NASA’s Smartphone Nanosatellite
At the moment NASA are in the news with the Mars Curiosity Rover and with the sad news that the first man on the Moon, Neil Armstrong, has passed away. He was 82. The cause was complications from heart surgery three weeks ago.
NASA do have many more projects on the go.
One involves micro satellites that use Android phones as their core component.
NASA’s PhoneSat project will demonstrate the ability to launch the lowest-cost and easiest to build satellites ever flown in space – capabilities enabled by using off-the-shelf consumer smartphones to build spacecraft.
A small team of engineers working on NASA’s PhoneSat at the agency’s Ames Research Center at Moffett Field, Calif., aim to rapidly evolve satellite architecture and incorporate the Silicon Valley approach of “release early, release often” to small spacecraft.
To achieve this, NASA’s PhoneSat design makes extensive use of commercial-off-the-shelf components, including an unmodified, consumer-grade smartphone. Out of the box smartphones already offer a wealth of capabilities needed for satellite systems, including fast processors, versatile operating systems, multiple miniature sensors, high-resolution cameras, GPS receivers, and several radios.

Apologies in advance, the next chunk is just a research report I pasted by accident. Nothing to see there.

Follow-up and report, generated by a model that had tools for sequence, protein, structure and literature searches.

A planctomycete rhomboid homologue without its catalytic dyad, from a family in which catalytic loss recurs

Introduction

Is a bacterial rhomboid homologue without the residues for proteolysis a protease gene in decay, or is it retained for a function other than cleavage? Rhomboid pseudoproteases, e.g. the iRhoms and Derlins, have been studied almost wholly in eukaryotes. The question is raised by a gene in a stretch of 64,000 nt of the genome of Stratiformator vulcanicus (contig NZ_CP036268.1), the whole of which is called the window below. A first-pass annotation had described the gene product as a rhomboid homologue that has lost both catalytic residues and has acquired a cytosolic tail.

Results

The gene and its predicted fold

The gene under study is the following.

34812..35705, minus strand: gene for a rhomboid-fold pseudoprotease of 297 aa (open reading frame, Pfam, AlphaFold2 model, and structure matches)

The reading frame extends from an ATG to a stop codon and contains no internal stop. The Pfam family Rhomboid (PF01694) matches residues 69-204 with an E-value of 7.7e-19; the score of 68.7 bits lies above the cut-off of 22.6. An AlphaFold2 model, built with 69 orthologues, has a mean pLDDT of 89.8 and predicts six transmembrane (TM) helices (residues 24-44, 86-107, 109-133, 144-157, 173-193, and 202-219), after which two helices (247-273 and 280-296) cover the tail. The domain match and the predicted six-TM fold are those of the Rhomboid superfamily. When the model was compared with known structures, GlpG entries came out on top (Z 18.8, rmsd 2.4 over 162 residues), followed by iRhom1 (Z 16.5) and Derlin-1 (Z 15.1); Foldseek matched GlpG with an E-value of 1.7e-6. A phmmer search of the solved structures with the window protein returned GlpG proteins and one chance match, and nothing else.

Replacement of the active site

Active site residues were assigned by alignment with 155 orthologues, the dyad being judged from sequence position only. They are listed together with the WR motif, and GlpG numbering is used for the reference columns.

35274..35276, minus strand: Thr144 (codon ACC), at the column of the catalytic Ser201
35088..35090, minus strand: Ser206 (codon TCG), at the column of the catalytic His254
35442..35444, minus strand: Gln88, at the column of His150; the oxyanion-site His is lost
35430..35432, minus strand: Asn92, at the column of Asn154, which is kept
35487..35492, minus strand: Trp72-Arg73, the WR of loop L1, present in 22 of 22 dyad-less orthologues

NASA engineers kept the total cost of the components to build each of the three prototype satellites in the PhoneSat project to $3,500 by using only commercial-off-the-shelf hardware and keeping the design and mission objectives to a minimum for the first flight.
Flies low-cost consumer electronics in space
NASA’s prototype smartphone satellite, known as PhoneSat 1.0, is built around the Nexus One smartphone made by HTC Corp., running Google’s Android operating system. The Nexus One acts as the spacecraft onboard computer. Sensors determine the orientation of the spacecraft while the smartphone’s camera can be used for Earth observations. Commercial-off-the-shelf parts include a watchdog circuit that monitors the systems and reboots the phone if it stops sending radio signals.
NASA’s PhoneSat 1.0 satellite has a basic mission goal–to stay alive in space for a short period of time, sending back digital imagery of Earth and space via its camera, while also sending back information about the satellite’s health.
To prepare for such a mission, NASA has successfully tested PhoneSat 1.0 in various extreme environments, including thermal-vacuum chambers, vibration and shock tables, sub-orbital rocket flights and high-altitude balloons.
Additional features, more capabilities
NASA’s PhoneSat 2.0 will equip a newer Nexus S smartphone made by Samsung Electronics running Google’s Android operating system to provide a faster core processor, avionics and gyroscopes.